And then if you then find those second stage indicators of compromise, then what that means is that the vulnerability or the backdoor has been exploited, and that means that you are probably dealing with a very sophisticated attacker, who likely has quite widespread access to your network. And that’s the point in time when you need to think, ‘do I have the skills, and experience, and capabilities to respond to this internally. Do I need to call someone, who can help me, be that a retained incident response provider, lawyers, informing security services or law enforcement’, all that kind of thing, and then going from there in terms of the response. After that there is probably a whole load of other things that you can do, but I won’t steal Will’s thunder in terms of remediation.
Gabriel: Yeah sure, so I think in terms of this being a supply chain security issue, I think this is really interesting right, because actually this is a really sophisticated attack and Will might want to argue with me on this one, but I am not 100% sure that supply chain security, and kind of third party assurance can reasonably be expected to identify this kind of thing. I’m not sure it’s reasonable that we should expect organisations to audit the code of every single supplier on their environment. I think this is definitely a supply chain security problem, but you know more supply chain security perhaps isn’t the solution here. I don’t know Will, if you’ve got any thoughts on that.
Will: I think one thing that organisations can definitely do is look at the privileges that they have software and applications running with on their networks. So with some of the products in question here, speaking to clients they’re running them on their networks as the main admin for example, and if organisations can work to implement least privilege, and make sure that when they have these applications running on their networks from other companies, and they’re running them with minimal privileges that those require, that can help make an attacker’s life a lot more difficult for them.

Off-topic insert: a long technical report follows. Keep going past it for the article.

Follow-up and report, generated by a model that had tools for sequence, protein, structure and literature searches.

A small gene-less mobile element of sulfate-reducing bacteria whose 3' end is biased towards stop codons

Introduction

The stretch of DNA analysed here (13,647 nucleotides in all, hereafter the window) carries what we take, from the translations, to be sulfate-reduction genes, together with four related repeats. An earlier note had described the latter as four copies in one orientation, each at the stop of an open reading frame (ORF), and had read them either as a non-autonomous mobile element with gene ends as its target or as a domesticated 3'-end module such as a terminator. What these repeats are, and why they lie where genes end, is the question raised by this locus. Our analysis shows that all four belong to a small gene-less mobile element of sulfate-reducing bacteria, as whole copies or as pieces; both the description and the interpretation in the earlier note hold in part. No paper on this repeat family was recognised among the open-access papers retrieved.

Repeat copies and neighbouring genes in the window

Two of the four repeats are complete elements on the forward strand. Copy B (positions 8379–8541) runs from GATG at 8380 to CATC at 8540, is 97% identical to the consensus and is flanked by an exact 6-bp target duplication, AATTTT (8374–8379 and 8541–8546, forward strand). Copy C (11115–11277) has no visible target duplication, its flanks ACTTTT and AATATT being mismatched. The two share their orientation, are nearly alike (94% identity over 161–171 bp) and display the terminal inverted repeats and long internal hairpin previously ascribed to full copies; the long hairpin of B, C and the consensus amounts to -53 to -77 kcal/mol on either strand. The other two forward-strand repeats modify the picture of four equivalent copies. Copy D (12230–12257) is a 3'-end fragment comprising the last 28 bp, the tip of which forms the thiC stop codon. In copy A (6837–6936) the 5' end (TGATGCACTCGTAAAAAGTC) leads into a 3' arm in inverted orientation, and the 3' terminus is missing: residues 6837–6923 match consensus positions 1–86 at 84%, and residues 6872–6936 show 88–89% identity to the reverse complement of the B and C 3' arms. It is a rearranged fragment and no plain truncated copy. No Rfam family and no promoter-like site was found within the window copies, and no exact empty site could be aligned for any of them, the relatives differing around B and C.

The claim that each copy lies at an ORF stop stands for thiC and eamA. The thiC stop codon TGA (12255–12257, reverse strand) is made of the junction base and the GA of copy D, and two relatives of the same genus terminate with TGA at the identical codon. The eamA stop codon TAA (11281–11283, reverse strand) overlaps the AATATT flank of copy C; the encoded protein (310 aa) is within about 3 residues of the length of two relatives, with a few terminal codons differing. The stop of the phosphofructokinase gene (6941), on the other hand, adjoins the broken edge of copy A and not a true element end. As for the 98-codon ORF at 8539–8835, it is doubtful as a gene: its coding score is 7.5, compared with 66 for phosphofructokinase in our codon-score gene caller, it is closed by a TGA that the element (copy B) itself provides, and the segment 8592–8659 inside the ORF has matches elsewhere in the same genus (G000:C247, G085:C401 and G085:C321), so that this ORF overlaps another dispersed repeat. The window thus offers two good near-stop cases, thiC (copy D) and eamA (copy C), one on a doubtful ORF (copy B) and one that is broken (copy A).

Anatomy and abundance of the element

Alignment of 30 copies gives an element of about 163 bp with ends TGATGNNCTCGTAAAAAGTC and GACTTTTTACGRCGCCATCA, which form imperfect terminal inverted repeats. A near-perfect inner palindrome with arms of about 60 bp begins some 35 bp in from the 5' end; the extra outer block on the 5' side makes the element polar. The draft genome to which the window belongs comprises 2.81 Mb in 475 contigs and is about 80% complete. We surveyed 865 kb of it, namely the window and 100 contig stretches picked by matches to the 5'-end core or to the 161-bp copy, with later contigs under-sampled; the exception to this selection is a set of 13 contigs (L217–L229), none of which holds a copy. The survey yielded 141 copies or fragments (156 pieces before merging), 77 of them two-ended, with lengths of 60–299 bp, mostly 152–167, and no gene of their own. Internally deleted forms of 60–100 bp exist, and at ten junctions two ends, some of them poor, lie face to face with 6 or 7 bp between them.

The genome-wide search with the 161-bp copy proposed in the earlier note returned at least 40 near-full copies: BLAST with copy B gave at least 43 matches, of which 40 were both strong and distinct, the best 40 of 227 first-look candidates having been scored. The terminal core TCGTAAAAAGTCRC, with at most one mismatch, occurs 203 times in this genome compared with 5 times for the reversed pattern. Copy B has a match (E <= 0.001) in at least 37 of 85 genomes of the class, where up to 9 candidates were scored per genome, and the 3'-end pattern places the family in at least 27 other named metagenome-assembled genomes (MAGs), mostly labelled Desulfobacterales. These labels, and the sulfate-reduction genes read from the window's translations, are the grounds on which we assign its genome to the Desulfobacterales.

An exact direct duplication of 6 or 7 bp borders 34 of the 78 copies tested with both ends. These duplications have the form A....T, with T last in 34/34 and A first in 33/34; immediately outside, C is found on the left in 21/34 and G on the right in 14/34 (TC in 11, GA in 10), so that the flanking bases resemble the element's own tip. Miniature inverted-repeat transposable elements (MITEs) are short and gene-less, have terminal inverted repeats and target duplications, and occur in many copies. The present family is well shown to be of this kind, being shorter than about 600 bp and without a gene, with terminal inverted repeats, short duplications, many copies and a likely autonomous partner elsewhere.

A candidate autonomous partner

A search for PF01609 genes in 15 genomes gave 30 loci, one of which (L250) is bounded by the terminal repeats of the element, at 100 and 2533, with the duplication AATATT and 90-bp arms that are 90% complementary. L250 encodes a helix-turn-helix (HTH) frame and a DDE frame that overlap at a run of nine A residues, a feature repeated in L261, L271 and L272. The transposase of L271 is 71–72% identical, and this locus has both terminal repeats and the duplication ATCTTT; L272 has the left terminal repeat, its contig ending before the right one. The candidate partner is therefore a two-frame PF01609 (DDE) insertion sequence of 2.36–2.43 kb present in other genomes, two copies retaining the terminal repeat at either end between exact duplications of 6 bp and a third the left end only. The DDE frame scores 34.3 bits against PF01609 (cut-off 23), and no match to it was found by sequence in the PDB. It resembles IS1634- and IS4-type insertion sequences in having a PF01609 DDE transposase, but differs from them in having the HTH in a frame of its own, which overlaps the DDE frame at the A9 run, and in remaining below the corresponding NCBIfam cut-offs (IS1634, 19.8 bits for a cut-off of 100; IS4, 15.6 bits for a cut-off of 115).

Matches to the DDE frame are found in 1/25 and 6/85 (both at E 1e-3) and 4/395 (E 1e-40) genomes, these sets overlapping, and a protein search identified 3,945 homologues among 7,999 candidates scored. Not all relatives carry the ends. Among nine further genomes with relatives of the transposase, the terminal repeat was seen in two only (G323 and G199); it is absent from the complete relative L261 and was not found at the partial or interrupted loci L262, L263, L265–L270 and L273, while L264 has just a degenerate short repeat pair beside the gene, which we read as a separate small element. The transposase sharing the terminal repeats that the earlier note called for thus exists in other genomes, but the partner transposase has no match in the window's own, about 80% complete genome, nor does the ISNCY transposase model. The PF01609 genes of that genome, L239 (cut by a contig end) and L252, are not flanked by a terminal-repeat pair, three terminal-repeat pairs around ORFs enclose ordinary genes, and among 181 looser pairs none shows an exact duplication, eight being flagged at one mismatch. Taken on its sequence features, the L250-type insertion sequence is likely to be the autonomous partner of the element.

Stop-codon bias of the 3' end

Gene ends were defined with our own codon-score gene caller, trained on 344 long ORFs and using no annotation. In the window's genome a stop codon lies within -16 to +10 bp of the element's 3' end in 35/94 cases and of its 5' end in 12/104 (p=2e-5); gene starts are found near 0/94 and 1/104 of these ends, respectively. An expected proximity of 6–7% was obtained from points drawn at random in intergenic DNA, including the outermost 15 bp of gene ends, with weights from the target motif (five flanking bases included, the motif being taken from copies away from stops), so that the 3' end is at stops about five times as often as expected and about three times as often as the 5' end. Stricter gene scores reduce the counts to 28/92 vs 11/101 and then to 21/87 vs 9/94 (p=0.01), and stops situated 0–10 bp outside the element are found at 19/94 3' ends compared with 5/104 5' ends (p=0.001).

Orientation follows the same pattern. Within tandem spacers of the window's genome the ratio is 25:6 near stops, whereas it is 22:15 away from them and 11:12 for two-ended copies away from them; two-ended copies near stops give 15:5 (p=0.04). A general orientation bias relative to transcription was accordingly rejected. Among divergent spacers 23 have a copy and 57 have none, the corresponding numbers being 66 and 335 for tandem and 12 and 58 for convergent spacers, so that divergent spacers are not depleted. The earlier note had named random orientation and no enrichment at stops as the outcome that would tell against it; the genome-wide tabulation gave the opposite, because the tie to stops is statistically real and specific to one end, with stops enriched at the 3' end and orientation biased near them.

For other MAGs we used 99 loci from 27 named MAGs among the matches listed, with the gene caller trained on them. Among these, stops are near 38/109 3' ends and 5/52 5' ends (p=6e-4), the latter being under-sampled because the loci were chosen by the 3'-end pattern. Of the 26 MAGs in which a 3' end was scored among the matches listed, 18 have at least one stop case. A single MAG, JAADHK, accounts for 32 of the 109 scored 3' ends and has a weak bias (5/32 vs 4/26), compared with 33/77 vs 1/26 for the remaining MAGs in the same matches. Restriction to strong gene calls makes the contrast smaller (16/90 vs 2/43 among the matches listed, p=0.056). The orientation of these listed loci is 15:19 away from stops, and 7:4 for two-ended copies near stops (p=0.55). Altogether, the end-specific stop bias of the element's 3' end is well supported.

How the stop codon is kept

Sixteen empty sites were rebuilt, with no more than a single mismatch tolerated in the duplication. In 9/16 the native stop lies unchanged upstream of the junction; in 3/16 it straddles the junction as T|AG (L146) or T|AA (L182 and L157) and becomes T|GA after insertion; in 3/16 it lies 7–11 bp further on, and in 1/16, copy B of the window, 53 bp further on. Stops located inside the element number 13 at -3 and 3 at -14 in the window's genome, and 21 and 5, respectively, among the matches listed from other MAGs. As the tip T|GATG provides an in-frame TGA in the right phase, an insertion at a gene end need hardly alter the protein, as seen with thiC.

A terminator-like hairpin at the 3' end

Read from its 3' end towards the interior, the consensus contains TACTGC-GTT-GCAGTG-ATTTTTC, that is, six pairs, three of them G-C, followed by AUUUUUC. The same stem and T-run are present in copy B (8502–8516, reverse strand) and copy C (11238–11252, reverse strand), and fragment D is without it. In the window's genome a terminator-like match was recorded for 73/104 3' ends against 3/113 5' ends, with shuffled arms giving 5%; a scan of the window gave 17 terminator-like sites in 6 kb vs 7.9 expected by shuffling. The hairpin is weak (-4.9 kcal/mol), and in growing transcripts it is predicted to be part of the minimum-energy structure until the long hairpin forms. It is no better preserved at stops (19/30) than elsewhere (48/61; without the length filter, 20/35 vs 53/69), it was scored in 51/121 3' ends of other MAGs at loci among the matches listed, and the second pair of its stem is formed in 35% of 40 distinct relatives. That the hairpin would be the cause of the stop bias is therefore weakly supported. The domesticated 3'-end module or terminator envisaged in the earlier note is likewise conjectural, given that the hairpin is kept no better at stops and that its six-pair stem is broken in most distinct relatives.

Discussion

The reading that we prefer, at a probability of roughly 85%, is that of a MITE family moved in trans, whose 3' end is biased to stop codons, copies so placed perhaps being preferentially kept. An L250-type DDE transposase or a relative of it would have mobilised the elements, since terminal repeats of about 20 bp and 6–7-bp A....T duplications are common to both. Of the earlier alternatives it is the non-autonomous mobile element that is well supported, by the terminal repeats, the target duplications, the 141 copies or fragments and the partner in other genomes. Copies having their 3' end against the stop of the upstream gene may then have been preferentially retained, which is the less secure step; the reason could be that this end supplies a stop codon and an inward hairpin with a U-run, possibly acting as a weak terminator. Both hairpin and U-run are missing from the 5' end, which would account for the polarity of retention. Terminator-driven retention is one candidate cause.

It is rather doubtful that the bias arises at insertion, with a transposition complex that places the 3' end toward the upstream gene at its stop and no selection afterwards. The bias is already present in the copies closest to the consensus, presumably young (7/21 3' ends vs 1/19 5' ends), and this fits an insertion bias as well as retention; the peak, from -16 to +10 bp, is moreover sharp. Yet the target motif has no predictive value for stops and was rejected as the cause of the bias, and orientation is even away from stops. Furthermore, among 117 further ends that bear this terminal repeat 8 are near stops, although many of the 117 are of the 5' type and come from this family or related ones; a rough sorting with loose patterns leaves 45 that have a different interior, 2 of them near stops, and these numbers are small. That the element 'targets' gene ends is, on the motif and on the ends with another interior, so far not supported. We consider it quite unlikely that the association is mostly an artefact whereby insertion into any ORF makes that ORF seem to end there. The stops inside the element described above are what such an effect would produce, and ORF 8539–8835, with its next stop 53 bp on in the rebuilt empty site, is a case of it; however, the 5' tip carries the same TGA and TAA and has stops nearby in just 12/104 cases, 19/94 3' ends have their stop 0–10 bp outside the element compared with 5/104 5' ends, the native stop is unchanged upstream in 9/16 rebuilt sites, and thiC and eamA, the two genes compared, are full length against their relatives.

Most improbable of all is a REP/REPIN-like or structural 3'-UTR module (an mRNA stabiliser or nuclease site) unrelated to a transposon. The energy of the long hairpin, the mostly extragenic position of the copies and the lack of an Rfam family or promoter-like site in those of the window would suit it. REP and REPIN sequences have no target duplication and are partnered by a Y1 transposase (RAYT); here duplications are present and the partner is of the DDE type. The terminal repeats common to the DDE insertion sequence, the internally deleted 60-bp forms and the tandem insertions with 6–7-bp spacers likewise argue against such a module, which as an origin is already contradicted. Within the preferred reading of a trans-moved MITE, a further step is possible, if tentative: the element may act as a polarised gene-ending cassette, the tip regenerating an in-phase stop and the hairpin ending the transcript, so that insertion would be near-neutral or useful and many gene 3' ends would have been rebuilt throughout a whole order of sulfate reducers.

The other thing is, looking at reducing, and locking down and then simplifying the number of applications on estates. It’s a challenge that a lot of our clients have especially on their legacy IT estates when they might be running tens of thousands of applications. So anything that can be done to look at the applications you’ve got on your network, reduce the number of applications, and lock down those applications is key.
Gabriel: Yeah I think that’s a really good point. Supply chain security is good, but it’s not the be all and end all. We need to kind of encourage organisations to provide some level of assurance over their supply chain, but they need to have other compensating controls like defence in depth so that if it turns out that there is indeed a vulnerability in that supply chain, so that first of all the actual impact of that is limited, so Will talked about minimising privileges that we give to that type of software, and then also that there is the right levels of detection, of response around that.
Will: Yeah that’s a really interesting point Abi. It looks like the attack went on for over nine months at many organisations before being detected, including some security companies and large tech companies, which does raise a question around how effective are organisations’ detection and response processes. I think there’s a couple of reasons why the attacker was able to remain undetected for so long. So first up, although the attacker was using many known techniques, the attacker was putting significant effort in evading detection when they were on organisations’ networks and being very patient in the activity that they were carrying out. It’s very unlike some of the cybercrime groups, who were carrying out ransomware attacks and moving really quickly and fast through organisations’ networks and triggering alerts. These attackers knew what they were doing, and they were very patient, and they wanted to remain undetected. The second reason is, what this attacker did was when they arrived on organisations’ networks, was they moved very quickly to compromise privileged accounts and move onto cloud environments. Those are two areas that we often see organisations being weaker at in terms of having the right login, monitoring, and detection in place. Traditionally organisations have focused on detecting malware and malicious commands and processes being run on endpoints, but this attacker moved very quickly up into cloud environments, using APIs to steal and exfiltrate data from organisation’s cloud services and moving around inside cloud environments.